Long Tall Pete was enjoying his sixtieth birthday bash with some friends. I was soon telling him that I had very positive vibes about the game. I felt horrible tempting fate, but I told Pete that I fancied some goals being scored in our favour. Pete even dared mention a 6-0 score line to match his birthday. I was caught up in the pre-match optimism too, mentioning a possible repeat of the 5-0 game in 1999.

“I just hope the team aren’t as confident as we are.”

Over-confidence is an unwelcome guest at football, but I was sure that Jose Mourinho would be emphasising the need for his players to expect a dogged fight from Manchester United, despite their patchy form throughout the current season.

Or, in football parlance, they would be “up for it.”

There was a proper mix of supporters in the pub; from a few “faces” from the past to some regular fans, and many were familiar to me. In the mix were two friends from the US; Tuna (Atlanta) and Andy (Los Angeles). It re-emphasised, not that I needed a reminder, of how our support has grown over the past twenty years.  Our support has grown a hundredfold in the internet age and we now boast supporters all over the globe. Another lovely part of supporting Chelsea is the fact that there seems to be no real snobbery about fans from outside London and the south-east. When I first started to attend games in The Shed all those years ago, my accent was often met with a friendly “where you from then, mate?”

When I replied “Somerset” I was always met with a welcoming smile.

Other teams – step forward Liverpool – have supporters who are considerably less welcoming of fans from outside the local area. Talking of which, Manchester United are often mocked for their rather disparate fan base – to put it rather mildly – but most of Europe’s top clubs now have fan bases which extend further than their stadium’s post code. I think what grates, possibly, is the type of foreign fan that England’s top teams attract. Football clubs, in my opinion and those like me, should be for life. Very often, I get the feeling that football clubs are favoured by the more distant fans, without a real understanding of what football in England is all about, and then discarded as frequently as flavour-of-the-month boy bands. Football surely shouldn’t be like that. Pick a team, stick with it. This is not to say that only foreign supporters change teams. There must be hundreds, if not thousands, of Manchester United fans in Cambridge, Uttoxeter, Nantwich, Tenby and Spennymoor who initially used to favour their arch rivals Liverpool in the ‘eighties.

Over in “The Goose” it was frantically busy. I sought respite out in the less-crowded beer garden, where I found a clearly jet-lagged Orlin, newly-arrived from San Francisco, and a few of the Chelsea Bulgaria contingent. What was I saying about our global fan base?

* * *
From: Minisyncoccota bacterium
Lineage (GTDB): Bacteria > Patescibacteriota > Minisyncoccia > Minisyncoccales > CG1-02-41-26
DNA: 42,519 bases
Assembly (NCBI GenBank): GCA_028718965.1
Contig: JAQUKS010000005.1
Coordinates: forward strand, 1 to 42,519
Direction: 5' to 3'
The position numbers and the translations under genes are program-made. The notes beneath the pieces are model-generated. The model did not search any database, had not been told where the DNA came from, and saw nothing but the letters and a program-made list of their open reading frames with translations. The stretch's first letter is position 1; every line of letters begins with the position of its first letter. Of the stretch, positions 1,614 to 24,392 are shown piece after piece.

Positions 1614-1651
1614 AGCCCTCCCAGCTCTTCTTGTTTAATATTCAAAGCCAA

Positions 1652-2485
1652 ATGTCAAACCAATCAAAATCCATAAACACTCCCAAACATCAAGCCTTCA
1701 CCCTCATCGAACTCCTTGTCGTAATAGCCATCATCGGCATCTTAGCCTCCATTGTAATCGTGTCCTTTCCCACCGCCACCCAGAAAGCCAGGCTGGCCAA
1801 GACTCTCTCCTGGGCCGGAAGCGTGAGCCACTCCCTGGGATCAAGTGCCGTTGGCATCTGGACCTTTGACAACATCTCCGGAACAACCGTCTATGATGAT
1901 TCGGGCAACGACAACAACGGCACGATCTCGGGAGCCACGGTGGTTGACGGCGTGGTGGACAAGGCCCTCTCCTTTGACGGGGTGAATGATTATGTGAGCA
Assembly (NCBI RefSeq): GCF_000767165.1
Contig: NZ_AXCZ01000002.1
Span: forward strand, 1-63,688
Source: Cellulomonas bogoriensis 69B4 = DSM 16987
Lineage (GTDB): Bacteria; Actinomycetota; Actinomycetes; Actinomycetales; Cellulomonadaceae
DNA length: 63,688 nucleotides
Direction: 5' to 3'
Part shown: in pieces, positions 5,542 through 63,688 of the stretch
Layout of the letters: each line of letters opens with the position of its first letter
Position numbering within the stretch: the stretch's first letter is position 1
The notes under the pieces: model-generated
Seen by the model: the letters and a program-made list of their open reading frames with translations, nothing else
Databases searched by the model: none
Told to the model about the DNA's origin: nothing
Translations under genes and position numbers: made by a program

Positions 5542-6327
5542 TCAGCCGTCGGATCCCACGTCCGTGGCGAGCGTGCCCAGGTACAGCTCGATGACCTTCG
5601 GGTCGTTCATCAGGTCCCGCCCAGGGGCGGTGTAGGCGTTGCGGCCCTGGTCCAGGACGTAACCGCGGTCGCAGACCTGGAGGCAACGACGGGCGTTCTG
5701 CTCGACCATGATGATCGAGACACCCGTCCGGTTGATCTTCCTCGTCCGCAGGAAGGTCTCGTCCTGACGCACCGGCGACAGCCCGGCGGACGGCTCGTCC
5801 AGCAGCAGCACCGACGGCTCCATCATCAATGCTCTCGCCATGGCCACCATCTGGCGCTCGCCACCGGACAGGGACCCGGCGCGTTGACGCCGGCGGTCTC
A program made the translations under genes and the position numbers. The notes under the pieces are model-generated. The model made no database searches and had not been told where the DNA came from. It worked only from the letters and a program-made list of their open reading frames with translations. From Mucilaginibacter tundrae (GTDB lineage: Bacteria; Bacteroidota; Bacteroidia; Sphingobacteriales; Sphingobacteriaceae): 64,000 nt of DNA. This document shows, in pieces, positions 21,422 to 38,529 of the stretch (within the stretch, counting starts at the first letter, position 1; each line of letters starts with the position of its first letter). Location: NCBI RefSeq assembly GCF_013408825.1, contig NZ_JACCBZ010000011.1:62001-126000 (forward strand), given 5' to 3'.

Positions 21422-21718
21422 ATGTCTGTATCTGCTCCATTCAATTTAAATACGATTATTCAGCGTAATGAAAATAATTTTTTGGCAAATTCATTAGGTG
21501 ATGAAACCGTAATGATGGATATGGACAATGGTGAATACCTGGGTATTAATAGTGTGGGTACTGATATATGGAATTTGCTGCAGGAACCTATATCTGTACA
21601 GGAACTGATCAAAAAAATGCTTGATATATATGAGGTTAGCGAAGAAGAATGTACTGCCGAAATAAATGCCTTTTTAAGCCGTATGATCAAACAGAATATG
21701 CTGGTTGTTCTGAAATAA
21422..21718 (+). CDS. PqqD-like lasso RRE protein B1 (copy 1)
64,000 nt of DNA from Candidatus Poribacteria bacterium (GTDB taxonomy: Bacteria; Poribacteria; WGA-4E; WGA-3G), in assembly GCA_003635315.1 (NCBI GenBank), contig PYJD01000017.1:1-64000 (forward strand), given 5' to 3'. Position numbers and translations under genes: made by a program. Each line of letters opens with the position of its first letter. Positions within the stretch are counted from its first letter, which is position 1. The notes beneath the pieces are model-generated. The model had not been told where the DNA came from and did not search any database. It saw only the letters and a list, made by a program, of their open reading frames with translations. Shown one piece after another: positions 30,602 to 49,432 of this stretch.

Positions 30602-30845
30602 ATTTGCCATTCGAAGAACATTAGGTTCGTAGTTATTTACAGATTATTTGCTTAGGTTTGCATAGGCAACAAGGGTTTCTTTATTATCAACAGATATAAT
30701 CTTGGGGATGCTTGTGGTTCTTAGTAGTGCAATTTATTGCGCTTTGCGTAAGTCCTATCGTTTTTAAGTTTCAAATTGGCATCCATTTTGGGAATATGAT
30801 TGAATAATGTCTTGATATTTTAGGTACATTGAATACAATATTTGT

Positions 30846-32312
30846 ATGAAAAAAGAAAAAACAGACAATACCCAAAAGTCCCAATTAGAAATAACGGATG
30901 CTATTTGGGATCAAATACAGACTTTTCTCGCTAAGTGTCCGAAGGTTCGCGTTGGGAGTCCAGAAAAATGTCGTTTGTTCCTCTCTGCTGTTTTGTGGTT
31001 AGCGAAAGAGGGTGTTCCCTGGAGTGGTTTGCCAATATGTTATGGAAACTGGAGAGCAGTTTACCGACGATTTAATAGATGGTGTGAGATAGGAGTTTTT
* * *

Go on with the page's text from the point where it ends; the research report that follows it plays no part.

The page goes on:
Heading down past the stalls outside the town hall with Tuna, I bumped into Big John. There was only one topic of conversation.

“Have you seen the team?”

There then ensued a short dialogue – with raised eyebrows from myself – which I would imagine was being repeated in Chelsea circles not only in SW6, but throughout London, the south-east, the rest of England, Europe and around the world. Maybe the inhabitants of the European space station circling the Earth were discussing it too.

“No Torres. Eto’o instead.”


“And Ivanovic at right back.”


John had dolloped some of his hard-earned on us to win 4-0. There was, clearly, an air of un-Chelsea like optimism in the air.

There were fond farewells with Andy at the entrance to the stadium and then the quick walk past the Ossie statue with Tuna before we took our seats in the MHU. The United section was full of three thousand reds, but there were only a couple of flags. Soon there would be another, which was held up in protest at the continued presence of the Glazer family at Old Trafford. Foreign ownership has proved to be an almighty gamble for clubs in England, but Lady Luck has given us a heady decade under the ownership of Roman Abramovich since 2003. There have been times of concern – well documented here and elsewhere – but compared to the experience at other clubs we have fared well. Interestingly, though, most United fans that I know – and there are not many – speak of team troubles rather than ownership issues. Maybe the days of the green and gold protest have passed; maybe the United fan base, outside of The Stretford End and the highly politicised match-going hardcore, is largely ambivalent to the presence of their US owners.